Will China succeed in it’s attempt to move more from a manufacturing economy to a services economy? (My numbers could be off, here, and don’t hold me to this — but as I remember services currently make up roughly 80 percent of the US economy; while in China it is just over 40 percent.)
See what the following three pieces have to say on the issue:
- NY Times, The Dictatorship of Talent.
- James Fallows of the always good, Atlantic Magazine, has a great post titled,”‘The’ Way vs. ‘A’ Way (Japan v China dept),” comparing Japan’s way of doing things versus China’s (his post shows that yes, pictures are worth a thousand words).
- China Business Network podast, What If! Innovation
What is your current hypothesis on the issue of whether China can, will and when successfully transition to from a manufacturing economy to a services economy? On the trip will you be open to collecting evidence that only supports or refutes your hypothesis? And how will you reconcile the two bodies of evidence? And in a week or two, can you collect and observe enough evidence to reach a reliable statistical conclusion re: your business hypothesis?
One suggestion I can provide is while we are in China, step back and watch, and I mean really watch and observe, people crossing a busy intersection.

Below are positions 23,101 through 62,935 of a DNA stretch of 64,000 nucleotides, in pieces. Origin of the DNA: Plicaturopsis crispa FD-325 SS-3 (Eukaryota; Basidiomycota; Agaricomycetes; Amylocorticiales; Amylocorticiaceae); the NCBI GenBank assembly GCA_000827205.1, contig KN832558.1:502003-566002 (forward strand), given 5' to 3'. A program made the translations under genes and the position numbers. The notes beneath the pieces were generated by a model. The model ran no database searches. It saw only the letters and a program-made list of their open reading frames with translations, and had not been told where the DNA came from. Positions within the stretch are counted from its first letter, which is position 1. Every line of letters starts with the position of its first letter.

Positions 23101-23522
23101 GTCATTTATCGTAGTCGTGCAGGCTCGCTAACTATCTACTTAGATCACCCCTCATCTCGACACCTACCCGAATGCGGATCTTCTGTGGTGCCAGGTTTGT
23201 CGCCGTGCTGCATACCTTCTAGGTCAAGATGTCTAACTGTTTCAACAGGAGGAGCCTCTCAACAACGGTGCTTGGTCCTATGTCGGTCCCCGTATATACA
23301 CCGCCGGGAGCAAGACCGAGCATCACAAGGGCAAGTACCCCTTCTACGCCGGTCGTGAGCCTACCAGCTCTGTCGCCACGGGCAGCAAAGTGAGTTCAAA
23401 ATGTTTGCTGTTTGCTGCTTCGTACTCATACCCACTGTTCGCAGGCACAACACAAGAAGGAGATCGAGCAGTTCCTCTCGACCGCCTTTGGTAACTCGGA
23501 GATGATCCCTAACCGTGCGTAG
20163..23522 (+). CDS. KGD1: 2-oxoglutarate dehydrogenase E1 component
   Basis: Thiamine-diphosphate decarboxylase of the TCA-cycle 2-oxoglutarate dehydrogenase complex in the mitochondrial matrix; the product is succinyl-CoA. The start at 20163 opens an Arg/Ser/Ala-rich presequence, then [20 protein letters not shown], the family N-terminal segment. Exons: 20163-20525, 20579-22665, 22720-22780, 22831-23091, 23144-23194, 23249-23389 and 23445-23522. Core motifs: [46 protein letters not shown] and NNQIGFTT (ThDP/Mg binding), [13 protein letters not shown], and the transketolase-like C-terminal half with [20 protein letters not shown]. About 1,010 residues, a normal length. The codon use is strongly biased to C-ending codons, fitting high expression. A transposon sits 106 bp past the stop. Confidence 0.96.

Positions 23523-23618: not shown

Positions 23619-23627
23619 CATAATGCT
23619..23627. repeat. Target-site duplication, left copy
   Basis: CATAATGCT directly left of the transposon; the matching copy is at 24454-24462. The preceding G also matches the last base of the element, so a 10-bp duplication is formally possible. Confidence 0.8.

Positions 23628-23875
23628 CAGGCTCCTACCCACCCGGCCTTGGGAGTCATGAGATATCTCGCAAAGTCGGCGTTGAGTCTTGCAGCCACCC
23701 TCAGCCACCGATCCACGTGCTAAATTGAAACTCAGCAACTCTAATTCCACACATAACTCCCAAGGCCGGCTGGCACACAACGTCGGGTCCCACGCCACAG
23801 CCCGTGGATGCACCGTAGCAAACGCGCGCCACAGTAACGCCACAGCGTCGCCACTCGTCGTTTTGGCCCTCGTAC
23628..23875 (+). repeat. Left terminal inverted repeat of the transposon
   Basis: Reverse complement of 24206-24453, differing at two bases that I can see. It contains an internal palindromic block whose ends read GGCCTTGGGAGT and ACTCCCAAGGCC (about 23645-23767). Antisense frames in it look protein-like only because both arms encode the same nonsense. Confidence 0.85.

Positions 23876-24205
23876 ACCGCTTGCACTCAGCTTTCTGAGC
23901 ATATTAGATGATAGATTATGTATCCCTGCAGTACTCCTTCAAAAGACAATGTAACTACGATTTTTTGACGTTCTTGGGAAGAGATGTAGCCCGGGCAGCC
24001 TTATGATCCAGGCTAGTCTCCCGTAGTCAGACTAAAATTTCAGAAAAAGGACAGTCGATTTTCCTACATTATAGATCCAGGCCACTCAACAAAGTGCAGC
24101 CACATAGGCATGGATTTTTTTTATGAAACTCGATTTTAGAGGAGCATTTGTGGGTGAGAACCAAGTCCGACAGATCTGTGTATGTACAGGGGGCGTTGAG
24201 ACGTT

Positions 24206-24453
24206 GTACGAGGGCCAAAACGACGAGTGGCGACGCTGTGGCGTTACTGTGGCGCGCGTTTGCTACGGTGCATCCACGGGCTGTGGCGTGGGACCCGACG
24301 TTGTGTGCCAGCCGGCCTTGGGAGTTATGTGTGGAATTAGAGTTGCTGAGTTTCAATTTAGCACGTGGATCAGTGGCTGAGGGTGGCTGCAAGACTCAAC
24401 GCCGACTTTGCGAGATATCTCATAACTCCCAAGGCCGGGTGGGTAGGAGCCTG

Hundreds of people, numerous cars, numerous bicycles, no rules, chaos (at least to us). Yet, it somehow works — everybody gets to the other side and on their way for the day. It is not easy, it is not pretty, and may not be how we would do it, and can be unbelievably frustrating (e.g., how they are handling the environment), but somehow, someway, sometime they get it done. This metaphor is insignificant. And the Chinese have been moving forward, at certain times faster than others and even at times they have moved backward – e.g., the Cultural Revolution — for the better part of 3,700 years, so why would that change? And will this shift in their economy be a good or bad thing?
The answer is probably yes and no, and it also depends on who you ask and what stake they have to win or lose in the game, and whether they are a member of the optimist club or the doom and gloom club.